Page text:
Few situations in Keiko’s life have been so easy. In primary school, she often responded to the world in ways others thought wrong: offering to cook and eat a dead bird on the playground, applying a shovel to the skull of a classmate in order to break up a fight. She wasn’t a violent child; these just seemed like practical strategies. She couldn’t understand why the teachers at school got upset. Life presented a series of puzzles she could not decipher, until the day she went to work at the Smile Mart. The convenience store offers Keiko a uniform, a series of set lines to be spoken to customers and a manual for staff behavior. She copies her coworkers’ choices in clothing and cosmetics, mimics their speech patterns and facial movements, and learns to play the part. She’s never felt so successful: no one notices that she’s different anymore. “Here in the convenience store we’re not men and women. We’re all store workers.” And so she has been a store worker for 18 years.

Convenience Store Woman, Sayaka Murata’s English-language debut, is a compelling novel about conformity in society, and the baffling rules applied in work and life. Murata’s protagonist is likable, if a bit baffling herself. Ginny Tapley Takemori’s translation feels just right for the slightly off-kilter reality of this thought-provoking story: Keiko’s first-person narrative is earnest, if continually challenged, in attempting to decode the world around her.

Keiko is attuned to the ways people act, speak and move; she suspects they are all imitating each other, just as she is imitating them. She studies these behaviors to lower her own profile, but remains honestly unclear why careers, marriage and children are desirable goals. When a new employee comes along who also has trouble fitting in–but who hasn’t mastered the act as much as Keiko has–she is intrigued. Tired of everyone questioning her lack of a husband or a “real job,” Keiko takes a risk. But it may cost her the carefully constructed mask she’s learned to wear.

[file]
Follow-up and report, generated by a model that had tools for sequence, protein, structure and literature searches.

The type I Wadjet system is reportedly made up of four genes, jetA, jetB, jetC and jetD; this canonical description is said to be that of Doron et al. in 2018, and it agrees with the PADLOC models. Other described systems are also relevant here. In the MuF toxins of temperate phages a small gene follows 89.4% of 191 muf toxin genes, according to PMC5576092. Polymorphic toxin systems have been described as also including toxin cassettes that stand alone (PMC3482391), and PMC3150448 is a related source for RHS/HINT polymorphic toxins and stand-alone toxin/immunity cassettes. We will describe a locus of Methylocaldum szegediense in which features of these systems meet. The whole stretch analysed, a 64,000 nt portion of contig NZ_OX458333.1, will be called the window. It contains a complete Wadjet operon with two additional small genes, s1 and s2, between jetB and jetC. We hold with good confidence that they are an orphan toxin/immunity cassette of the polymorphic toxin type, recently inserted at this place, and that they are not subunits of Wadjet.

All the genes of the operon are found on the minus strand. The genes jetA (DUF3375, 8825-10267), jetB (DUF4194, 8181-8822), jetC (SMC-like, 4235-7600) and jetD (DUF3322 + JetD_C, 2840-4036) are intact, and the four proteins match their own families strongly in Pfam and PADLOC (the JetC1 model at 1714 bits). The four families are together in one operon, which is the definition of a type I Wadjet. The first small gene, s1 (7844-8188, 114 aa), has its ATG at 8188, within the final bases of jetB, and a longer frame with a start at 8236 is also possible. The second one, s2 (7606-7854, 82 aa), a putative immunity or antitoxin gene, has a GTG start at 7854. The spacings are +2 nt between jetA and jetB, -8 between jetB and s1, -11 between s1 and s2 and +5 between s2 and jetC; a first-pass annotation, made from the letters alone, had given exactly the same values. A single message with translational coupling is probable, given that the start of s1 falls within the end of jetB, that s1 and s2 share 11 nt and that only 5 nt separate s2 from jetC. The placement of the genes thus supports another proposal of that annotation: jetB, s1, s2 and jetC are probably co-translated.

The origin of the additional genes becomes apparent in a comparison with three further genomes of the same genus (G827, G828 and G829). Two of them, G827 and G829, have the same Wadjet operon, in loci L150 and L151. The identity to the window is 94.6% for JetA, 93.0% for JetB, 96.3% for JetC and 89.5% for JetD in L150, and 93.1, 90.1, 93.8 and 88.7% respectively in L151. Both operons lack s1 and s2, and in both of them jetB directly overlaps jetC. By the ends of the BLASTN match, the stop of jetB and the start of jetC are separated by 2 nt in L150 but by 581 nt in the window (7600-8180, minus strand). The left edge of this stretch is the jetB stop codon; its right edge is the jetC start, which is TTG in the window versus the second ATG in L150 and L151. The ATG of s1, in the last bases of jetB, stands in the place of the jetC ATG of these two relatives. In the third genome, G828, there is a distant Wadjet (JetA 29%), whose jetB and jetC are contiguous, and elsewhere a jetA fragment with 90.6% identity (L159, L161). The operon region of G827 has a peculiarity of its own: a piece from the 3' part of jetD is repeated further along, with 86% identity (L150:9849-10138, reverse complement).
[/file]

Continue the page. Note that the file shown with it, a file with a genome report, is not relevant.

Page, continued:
This brief, brisk novel is an engrossing adventure into an unusual mind. Is it a subversive, satiric criticism of societal norms? Is it a surrealist take on extreme workplace culture? Or simply the perspective of a woman wired a little bit differently? Murata holds the reader rapt, wondering what Keiko will do next. Convenience Store Woman is for all kinds of readers, for anyone who’s ever questioned the status quo.


This review originally ran in the May 21, 2018 issue of Shelf Awareness for the Book Trade. To subscribe, click here.


Rating: 7 rice balls.

West by Carys Davies

A mule breeder heads west to search out a mythic beast while his daughter struggles quietly at home in this tale of fantasy, hope and risk.

In the newspaper, Cy Bellman reads of bones pulled from the Kentucky mud–enormous, ancient bones, belonging to some mythic creature taller than the tallest trees. Grieving his lost wife, he is now transported: he all but stops eating and sleeping, too disturbed to give his full attention to his work as a breeder of mules, or to his 10-year-old daughter, Bess. He can’t help but go in search of the beasts that have so captured his imagination, and leaves Bess and their small farm in rural Pennsylvania in the care of his hard-edged sister, Julie, with the occasional help of an odd neighbor, Elmer. With some weapons, trinkets for trade and a new stovepipe hat, Bellman travels west, toward the wild frontier.

West is Carys Davies’s first novel (though she’s published two short story collections, The Redemption of Galen Pike and Some New Ambush), and it is an epic tale of early 19th-century adventure in a small package. With fewer than 200 pages, its scale is nonetheless mighty, conjuring both history and fable. Davies’s simple, conversational prose stays out of the way of her gripping plot.

Julie and the town’s citizens think Bellman a fool at best. Bess, however, adores her father, and is heartbroken to be left alone with no books or pleasures, only a motley bunch of mules; her dead mother’s gold ring is hidden away by her unloving aunt. In her father’s absence, she makes up charms for his good luck: “if she made it from the pump to the house without slopping a drop of water over the lip of the bucket, it meant he was in good health.” She takes long walks with her favorite mule, until Elmer’s awkward attentions to the deserted household become too alarming, and she shuts herself up inside.